After conversations with districts, charter schools, and CBOs to assess interest, fit, and funding, I identified school districts as the highest potential partner. Given this, I focused my research on the first two pathways that I identified.
In partnering with districts, CIS had potential to scale up and have a broad, systemic impact on integrated student support. Since many districts already invest in ISS, CIS would be well-positioned to help them do this with greater quality, stronger outcomes, and lower cost.
What’s more, as a partner, districts would provide CIS with a range of unique benefits:
- A single access point to a vast number of students.
- The ability to implement and sustain ISS across high-need schools in an integrated, prioritized way.
- This could lead to quicker Title I saturation, stable funding for ISS, and long-term support for students on their journey to high school graduation.
- The power to influence others and advocate for CIS’s model on a broader policy stage.
In order to assess the viability of this concept, I looked closer at how CIS might structure such a partnership.
Option 1: Primary ISS provider
As the primary ISS provider within a district, CIS employees would deliver all relevant services across K-12 sites. This would involve building ISS into a district-level strategy so that all students who needed CIS’s services, particularly those in Title I schools, would have access. In order to preserve CIS’s brand integrity and evidence-based approach, CIS would not only need to secure partial or full funding from district partners, but would also need to maintain or improve the quality of their current services.
To assess this option, I interviewed districts, conducted focus groups with education experts, and analyzed budgets to understand related costs and spending patterns. While districts showed high interest, they worried that it would be difficult to secure funding for such a large-scale roll out, and that hiring CIS would create tensions with existing staff and union members. One district interviewee noted, “I would want more district and school control and involvement. Principals always have someone in mind that they want to be doing school supports. A lot of the time, those people are already in the system, on our payroll. We’d want to use those people, and then outsource training.”
Education experts expressed concerns about CIS’s capacity to implement a model effectively across an entire school district and stressed that it would take time to develop partnerships with social services providers and prepare to launch operations in multiple schools simultaneously. One program officer from a leading education philanthropy warned, “Unless CIS has existing relationships in the area, it can take months [or even] years to gain credibility in a community.” One way to mitigate this would be to roll out more slowly, yet that would undercut CIS’s goal of immediate, transformative scale and could increase cost.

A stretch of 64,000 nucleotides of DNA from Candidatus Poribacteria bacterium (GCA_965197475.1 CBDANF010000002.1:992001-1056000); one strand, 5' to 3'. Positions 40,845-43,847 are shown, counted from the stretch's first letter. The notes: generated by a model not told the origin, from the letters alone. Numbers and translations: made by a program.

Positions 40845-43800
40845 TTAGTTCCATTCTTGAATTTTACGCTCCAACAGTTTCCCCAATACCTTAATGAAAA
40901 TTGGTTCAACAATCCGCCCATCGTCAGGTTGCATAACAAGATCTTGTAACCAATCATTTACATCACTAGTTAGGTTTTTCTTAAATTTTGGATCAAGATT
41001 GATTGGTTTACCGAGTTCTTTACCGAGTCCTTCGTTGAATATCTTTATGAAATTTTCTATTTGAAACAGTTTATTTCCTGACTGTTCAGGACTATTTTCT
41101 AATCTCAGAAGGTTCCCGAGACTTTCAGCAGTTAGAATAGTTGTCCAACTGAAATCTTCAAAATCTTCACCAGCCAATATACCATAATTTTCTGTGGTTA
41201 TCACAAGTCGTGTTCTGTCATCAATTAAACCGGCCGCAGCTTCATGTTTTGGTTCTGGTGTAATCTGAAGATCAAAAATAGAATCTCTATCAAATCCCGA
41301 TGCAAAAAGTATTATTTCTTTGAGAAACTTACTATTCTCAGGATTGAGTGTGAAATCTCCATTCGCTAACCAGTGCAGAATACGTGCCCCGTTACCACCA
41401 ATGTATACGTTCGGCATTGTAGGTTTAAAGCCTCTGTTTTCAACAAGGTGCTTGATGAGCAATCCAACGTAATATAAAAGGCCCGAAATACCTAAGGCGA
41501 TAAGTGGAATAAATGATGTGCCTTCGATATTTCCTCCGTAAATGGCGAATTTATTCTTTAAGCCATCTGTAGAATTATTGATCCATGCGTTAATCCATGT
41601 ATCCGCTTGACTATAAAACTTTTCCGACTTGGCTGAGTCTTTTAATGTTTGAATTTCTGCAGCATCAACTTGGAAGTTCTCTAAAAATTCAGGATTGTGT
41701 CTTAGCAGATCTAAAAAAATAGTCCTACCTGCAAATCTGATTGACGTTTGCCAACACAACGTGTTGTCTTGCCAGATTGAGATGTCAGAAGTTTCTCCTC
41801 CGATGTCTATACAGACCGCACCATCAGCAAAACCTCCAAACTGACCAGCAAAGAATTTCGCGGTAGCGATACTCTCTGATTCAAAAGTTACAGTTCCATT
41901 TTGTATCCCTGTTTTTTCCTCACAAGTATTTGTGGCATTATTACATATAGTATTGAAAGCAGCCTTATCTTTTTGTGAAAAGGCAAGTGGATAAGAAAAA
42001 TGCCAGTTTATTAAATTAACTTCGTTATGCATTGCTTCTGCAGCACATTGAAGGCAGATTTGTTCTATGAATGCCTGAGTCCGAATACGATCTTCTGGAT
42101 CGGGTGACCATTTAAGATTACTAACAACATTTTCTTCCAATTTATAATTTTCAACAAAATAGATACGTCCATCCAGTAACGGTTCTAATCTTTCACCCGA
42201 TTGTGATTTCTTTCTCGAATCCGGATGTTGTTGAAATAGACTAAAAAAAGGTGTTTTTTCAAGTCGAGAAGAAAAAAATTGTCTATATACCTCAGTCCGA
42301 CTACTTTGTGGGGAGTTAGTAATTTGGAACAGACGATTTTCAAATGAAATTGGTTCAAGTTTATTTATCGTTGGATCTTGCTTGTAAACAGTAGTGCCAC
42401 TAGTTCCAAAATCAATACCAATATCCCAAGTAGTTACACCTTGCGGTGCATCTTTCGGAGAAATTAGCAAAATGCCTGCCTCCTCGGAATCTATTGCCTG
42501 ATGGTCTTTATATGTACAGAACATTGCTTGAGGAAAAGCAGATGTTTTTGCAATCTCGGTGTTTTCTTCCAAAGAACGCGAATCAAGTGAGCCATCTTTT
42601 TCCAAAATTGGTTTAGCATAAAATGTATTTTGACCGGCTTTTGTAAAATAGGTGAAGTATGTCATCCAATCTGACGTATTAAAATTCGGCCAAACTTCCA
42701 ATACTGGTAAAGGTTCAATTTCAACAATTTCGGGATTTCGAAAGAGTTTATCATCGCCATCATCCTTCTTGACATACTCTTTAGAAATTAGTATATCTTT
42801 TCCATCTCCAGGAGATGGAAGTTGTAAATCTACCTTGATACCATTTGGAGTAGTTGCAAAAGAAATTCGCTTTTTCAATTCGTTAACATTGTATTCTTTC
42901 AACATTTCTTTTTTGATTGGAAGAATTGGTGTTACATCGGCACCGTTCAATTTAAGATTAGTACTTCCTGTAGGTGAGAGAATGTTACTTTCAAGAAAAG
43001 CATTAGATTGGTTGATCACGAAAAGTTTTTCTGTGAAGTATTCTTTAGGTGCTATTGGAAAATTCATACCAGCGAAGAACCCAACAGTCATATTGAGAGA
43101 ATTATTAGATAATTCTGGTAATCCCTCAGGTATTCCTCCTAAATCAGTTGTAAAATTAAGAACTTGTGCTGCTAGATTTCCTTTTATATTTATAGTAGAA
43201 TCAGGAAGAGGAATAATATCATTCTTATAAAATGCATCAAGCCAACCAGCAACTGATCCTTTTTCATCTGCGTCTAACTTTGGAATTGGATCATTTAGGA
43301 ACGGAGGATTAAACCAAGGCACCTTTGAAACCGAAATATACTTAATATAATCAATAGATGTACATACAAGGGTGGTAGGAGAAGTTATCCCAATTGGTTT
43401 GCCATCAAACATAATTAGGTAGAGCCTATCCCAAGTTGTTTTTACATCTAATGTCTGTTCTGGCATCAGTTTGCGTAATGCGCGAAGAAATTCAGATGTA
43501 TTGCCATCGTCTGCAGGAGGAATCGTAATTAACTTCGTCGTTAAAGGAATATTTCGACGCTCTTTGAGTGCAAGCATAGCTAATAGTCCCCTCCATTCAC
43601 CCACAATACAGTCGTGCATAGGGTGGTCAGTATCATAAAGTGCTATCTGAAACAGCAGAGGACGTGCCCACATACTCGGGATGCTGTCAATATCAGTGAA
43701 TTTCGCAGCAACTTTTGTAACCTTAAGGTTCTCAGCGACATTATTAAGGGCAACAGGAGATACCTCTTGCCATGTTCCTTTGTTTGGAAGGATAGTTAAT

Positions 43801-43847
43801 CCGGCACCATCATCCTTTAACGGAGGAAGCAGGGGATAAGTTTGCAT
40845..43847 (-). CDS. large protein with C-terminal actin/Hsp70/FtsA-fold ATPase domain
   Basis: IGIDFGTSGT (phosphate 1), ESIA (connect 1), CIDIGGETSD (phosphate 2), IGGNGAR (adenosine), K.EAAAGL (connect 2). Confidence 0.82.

For CIS to succeed as the primary ISS provider within districts, it would need to find the right partners, taking into consideration size, resources, and interest in implementing a new model. This would be a challenge.
Option 2: Technical assistance provider
As a technical assistance (TA) provider, CIS would package its model as a product for districts, providing training and evaluation support to help districts improve their ability to offer high-quality integrated student supports. Districts would then be responsible for implementing the model where needed, using district employees as site coordinators.
I conducted research and interviews with districts, education experts, and CIS affiliates. I asked each of these stakeholders about how they viewed the benefits and risks. In particular, I asked about the possibility of using district staff as site coordinators, concerns around model fidelity, the role that CIS affiliates versus CIS’s national team might play in providing training, and funding.
Through these conversations, it became clear that districts wanted a smarter approach for delivering ISS and that the TA model seemed aligned with their needs. Whereas the “primary ISS provider” approach raised red flags about resources, the TA model would enable districts to reposition existing staff to fill the site coordinator positions. What’s more, several CIS affiliates had already implemented versions of this model with success, giving the organization a jumpstart on future pilots.
Findings and recommendations
While CIS would need to think carefully about potential risks, the TA approach showed real promise for transformative scale. The model offered clear benefits to both districts and CIS, enabling the organization to expand its reach and enhance its field-building efforts.